Yesterday's ABS announcement of steady employment levels for July is one example referenced by various commentators, including RBA deputy governor Guy Debelle.
He suggests the decline in house prices, which has been a major drag on Australian consumption growth, may also be at an end.

"If this is the case, the drag from declining wealth and turnover will dissipate. Housing market conditions may even start to support consumption growth again in the period ahead," Debelle said in a speech at the annual Risk Australia Conference in Sydney on Thursday.

Vanguard Australia's head of fixed income, Jeff Johnson, voices a similar but more upbeat assessment to that of BlackRock's McCorry.

"I don't think anyone can rule out negative rates, but we are a fair distance away from that here in Australia.

"The RBA is still at 1 per cent, so there is ample room for them to ease further, should conditions further deteriorate," Johnson says.

He suggests that negative interest rates wouldn't have been on the radar of many investors until recently, "but of course, it's been a phenomenon that we've observed in Europe to some degree and also in Japan.

"But now what we're seeing is a bit of weakness globally - investors are becoming more concerned about a potential recession.

In the US, Inflation remained around 2 per cent year-on-year in July – in line with the Fed's preferred level of around 1.6 per cent.

In Australia, the RBA's underlying inflation forecast was 1.5 per cent for August – it was looking for 2.25 per cent last November.

"Inflation has remained relatively dormant globally, despite reasonably healthy labour markets and you add to all of that certainly an increase in geopolitical risk, and you know, it's not a surprise that we've seen interest rate markets reprice, with yields falling," Johnson says.

What should investors do?

As we've seen, a flow-on effect of rising volatility and the wild ride of equity markets in recent days and weeks can prompt investors - particularly those relying on bond or equities for income, such as retirees - to make rash decisions.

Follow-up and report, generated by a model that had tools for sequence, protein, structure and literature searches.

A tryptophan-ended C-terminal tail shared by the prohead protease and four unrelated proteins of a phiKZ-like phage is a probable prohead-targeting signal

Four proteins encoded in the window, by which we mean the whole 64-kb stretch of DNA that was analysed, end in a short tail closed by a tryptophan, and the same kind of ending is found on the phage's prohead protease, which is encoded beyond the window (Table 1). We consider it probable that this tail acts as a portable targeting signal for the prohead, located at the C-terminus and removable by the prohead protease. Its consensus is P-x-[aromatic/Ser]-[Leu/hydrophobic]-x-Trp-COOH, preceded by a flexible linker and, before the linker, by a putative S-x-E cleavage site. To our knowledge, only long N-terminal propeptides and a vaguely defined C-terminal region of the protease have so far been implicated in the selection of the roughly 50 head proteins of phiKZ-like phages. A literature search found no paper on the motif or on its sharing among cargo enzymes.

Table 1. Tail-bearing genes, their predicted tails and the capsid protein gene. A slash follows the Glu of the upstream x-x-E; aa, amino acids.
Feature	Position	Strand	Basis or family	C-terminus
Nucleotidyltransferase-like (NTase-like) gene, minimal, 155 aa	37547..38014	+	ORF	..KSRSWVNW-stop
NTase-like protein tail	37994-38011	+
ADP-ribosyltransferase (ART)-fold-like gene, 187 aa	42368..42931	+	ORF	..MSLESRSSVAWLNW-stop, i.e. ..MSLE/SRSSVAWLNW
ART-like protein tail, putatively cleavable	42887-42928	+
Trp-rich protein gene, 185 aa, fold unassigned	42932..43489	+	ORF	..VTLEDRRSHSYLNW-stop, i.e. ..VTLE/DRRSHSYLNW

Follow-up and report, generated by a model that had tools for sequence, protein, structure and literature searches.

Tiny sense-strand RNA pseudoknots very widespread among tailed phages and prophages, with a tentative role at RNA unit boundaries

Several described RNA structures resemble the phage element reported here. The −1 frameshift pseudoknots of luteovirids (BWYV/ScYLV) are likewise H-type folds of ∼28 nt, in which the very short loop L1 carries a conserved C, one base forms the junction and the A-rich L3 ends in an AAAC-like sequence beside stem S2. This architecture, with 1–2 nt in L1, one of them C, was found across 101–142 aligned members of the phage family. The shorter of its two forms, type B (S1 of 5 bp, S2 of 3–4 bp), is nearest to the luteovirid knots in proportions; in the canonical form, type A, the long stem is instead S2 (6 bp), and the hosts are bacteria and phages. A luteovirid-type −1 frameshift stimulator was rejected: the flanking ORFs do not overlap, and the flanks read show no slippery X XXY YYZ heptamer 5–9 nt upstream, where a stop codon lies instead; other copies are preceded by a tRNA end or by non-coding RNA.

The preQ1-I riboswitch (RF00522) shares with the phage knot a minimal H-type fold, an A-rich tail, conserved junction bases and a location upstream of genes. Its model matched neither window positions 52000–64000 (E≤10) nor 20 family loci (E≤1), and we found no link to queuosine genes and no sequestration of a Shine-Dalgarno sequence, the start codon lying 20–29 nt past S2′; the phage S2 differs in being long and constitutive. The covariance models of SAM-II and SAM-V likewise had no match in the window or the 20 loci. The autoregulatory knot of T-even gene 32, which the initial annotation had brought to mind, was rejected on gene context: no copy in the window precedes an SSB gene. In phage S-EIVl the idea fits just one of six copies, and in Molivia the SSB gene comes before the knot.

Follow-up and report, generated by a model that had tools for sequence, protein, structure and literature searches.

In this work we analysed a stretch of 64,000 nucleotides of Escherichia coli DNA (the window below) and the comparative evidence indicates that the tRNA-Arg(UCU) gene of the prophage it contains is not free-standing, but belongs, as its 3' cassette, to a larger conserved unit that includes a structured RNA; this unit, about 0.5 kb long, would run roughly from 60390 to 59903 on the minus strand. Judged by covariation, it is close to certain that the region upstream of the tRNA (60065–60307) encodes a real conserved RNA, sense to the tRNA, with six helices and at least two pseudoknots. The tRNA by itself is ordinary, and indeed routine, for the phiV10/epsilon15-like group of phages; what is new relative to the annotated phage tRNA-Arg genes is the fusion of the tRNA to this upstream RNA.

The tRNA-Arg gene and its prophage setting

But Morningstar's director of investor education Karen Wallace casts doubt on the widely held idea that the inverted yield curve is a precursor to a recession.

"To say that an inverted yield curve signals an economic slowdown is imminent is an oversimplification,” Wallace says.

“But it does point to a risk in our current financial system: A flatter yield curve can hurt lenders' profits and stability and their willingness to lend.”

An inverted yield curve occurs when the interest rates on short-term bonds are higher than the interest rates paid by long-term bonds. In short, investors fear what the short-term holds and instead opt for longer-term bets.

"If long-term and short-term rates are close, markets must be expecting little growth or lenders would demand a bigger time premium, Wallace says.

"At Morningstar, we don't recommend that investors retool their portfolios just because the yield curve is not following its normal path. That said, it's not a bad idea to check in on whether your portfolio is well positioned to weather a rough patch.”

Wallace cites Christine Benz's “Bucket portfolios” as a useful investment strategy for times such as this. This concept holds that assets needed to fund near-term living expenses ought to remain in cash and other safe, liquid short-term assets.

"Money that you won't need for several years or more, meanwhile, can be invested in a diversified pool of long-term investments such as equities,” Benz says, “with the cash buffer providing the peace of mind to ride out periodic downturns in the longer-term portfolio."

 

is senior editor for Morningstar Australia